Arjuna: "Who is the third?"

The Brahmin: "It is the heartless Prahlada. He was so cruel that he did not hesitate for a moment to ask my Lord to enter the boiling cauldron of oil, to be trodden under the heavy feet of the elephants and to break through an adamantine pillar."

Arjuna: "Who is the fourth?"

The Brahmin: "The wretch Arjuna."

Arjuna: "Why, what fault has he committed?"

The Brahmin: "Look at his felony. He made my beloved Lord take the mean office of a charioteer of his car in the great war of Kurukshetra."

Arjuna was amazed at the depth of the Brahmin's devotion and love, and he gave up thinking that he was the best devotee of all.

(Ramakrishna 1974, tale 77, retold)

  Contents  


Bhagavad Gita, Literature  

Chidbhavananda, Swami. 2012. The Bhagavad Gita. 25th impression. Tirupparaitturai, IN: Sri Ramakrishna Tapovanam ⍽▢⍽ The Sanskrit text is explained in detail, verse by verse.

Davis, Richard H. 2015. The Bhagavad Gita: A Biography. Woodstock, Oxfordshire: Princeton University Press.

Fosse, Lars Martin. 2007. The Bhagavad Gita: The Original Sanskrit and An English Translation. Woodstock, NY: YogaVidya.com ⍽▢⍽ Accurate and accessible.

Johnson, W. H. 2008. The Bhagavad-Gita. Oxford World's Classics. Reissue ed. Oxford: Oxford University Press ⍽▢⍽ Up-to-date, clear and accurate, scholarly - with an introduction and notes, including notes on metre, on the pronunciation of Sanskrit names, and a list of Sanskrit names and terms.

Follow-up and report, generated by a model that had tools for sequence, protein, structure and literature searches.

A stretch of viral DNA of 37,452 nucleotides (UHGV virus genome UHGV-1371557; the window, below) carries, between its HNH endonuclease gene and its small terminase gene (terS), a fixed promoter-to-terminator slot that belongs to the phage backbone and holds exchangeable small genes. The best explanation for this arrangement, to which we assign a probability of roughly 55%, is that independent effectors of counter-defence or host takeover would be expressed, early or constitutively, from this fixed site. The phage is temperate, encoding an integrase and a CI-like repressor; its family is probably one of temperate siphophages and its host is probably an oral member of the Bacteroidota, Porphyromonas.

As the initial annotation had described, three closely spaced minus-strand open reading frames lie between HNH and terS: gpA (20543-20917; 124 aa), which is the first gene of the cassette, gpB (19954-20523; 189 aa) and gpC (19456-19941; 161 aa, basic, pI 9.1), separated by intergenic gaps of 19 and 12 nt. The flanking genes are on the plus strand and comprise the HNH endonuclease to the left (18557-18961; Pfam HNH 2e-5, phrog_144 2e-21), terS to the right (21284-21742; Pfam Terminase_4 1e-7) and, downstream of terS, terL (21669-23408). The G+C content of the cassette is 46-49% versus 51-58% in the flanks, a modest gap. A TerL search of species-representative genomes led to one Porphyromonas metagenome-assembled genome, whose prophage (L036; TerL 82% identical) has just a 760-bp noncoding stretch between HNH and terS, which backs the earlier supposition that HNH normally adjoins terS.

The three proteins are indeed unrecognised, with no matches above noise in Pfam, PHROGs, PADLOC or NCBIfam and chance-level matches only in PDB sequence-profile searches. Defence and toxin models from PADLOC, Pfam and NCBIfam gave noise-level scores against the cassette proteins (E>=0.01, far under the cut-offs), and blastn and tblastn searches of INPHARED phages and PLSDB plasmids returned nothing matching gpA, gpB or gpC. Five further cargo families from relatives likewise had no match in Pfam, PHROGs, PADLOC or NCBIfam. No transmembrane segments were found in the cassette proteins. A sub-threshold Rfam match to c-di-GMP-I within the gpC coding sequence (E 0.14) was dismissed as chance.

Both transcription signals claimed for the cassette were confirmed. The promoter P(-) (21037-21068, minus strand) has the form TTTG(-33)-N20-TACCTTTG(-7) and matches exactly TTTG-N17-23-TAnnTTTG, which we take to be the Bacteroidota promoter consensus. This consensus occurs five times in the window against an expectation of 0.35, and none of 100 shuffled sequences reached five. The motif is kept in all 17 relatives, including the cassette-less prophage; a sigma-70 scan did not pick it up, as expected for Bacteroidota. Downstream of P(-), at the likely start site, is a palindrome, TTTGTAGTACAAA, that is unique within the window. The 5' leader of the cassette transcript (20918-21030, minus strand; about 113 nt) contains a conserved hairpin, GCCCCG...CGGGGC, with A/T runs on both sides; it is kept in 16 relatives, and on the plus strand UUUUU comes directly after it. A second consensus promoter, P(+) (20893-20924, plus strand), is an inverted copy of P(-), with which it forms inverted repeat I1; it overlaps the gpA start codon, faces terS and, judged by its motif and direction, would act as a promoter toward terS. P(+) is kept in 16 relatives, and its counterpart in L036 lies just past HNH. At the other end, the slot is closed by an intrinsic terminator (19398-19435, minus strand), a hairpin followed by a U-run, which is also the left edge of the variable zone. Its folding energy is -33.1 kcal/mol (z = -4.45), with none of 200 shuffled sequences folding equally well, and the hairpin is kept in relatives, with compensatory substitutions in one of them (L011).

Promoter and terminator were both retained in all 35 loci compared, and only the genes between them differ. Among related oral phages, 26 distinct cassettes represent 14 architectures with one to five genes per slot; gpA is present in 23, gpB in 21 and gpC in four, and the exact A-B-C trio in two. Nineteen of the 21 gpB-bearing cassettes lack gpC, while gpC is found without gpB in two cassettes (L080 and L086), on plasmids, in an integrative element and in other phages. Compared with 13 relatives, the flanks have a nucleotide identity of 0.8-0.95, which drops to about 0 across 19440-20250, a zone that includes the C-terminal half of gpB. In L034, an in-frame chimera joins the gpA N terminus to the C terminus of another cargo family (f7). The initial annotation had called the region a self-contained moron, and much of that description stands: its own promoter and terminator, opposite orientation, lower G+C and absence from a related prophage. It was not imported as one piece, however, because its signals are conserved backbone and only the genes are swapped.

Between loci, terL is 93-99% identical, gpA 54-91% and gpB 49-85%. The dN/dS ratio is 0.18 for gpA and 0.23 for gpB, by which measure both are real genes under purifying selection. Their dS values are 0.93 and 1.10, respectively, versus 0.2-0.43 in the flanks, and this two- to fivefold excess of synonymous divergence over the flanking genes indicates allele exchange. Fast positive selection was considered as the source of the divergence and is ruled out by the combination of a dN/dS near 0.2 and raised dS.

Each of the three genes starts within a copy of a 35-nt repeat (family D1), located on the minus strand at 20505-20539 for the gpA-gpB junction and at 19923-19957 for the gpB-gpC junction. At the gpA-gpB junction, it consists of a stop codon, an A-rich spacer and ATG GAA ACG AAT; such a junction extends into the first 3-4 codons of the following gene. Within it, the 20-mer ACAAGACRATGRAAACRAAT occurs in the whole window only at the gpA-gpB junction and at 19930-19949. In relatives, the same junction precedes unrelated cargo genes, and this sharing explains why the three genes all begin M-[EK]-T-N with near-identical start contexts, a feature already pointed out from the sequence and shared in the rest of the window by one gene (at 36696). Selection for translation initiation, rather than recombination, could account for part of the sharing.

Nikhilananda, Swami. 1952. The Bhagavad Gita. New York: Ramakrishna-Vivekananda Center (1944). ⍽▢⍽ A literal translation with Adi Sankara's commentary in direct and simple notes to each verse.

Patton, Laurie L. 2008. The Bhagavad Gita. London: Penguin Classics ⍽▢⍽ Professor Patton has tried to make each verse a poem by breaking up the lines a lot.

Ramakrishna. Tales and Parables of Sri Ramakrishna. 5th ed. Madras: Ramakrishna Math, 1974.

Rosen, Steven J. 2007. Krishna's Song A New Look at the Bhagavad Gita. London: Praeger ⍽▢⍽ A compilation of short essays written by Rosen over the years on Bhagavad Gita.

Sinha, Phulgenda. 1987. The Gita as It Was: Rediscovering the Original Bhagavadgita. Paperback ed. La Salle, IL: Open Court Publishing Company ⍽▢⍽ The 86 verses included relate to Samkhya and Patanjali's Yoga Sutras.

Sivananda, Swami, tr. 2003. The Bhagavad Gita. Shivanandanagar: The Divine Life Trust Society

van Buitenen, J. A. B., tr., ed. The Bhagavadgita in the Mahabharata. London: University of Chicago Press, 2013. ⍽▢⍽ A widely acclaimed translation - clear, simple, and scholarly.

Yogi, Maharishi Mahesh. 1990. Maharishi Mahesh Yogi on the Bhagavad-Gita: A New Translation and Commentary with Sanskrit Text. Chapters 1 to 6. Reprint ed. London: Arkana / Penguin Books (1969). ⍽▢⍽ A translation with a wise commentary to the verses in the six first chapters.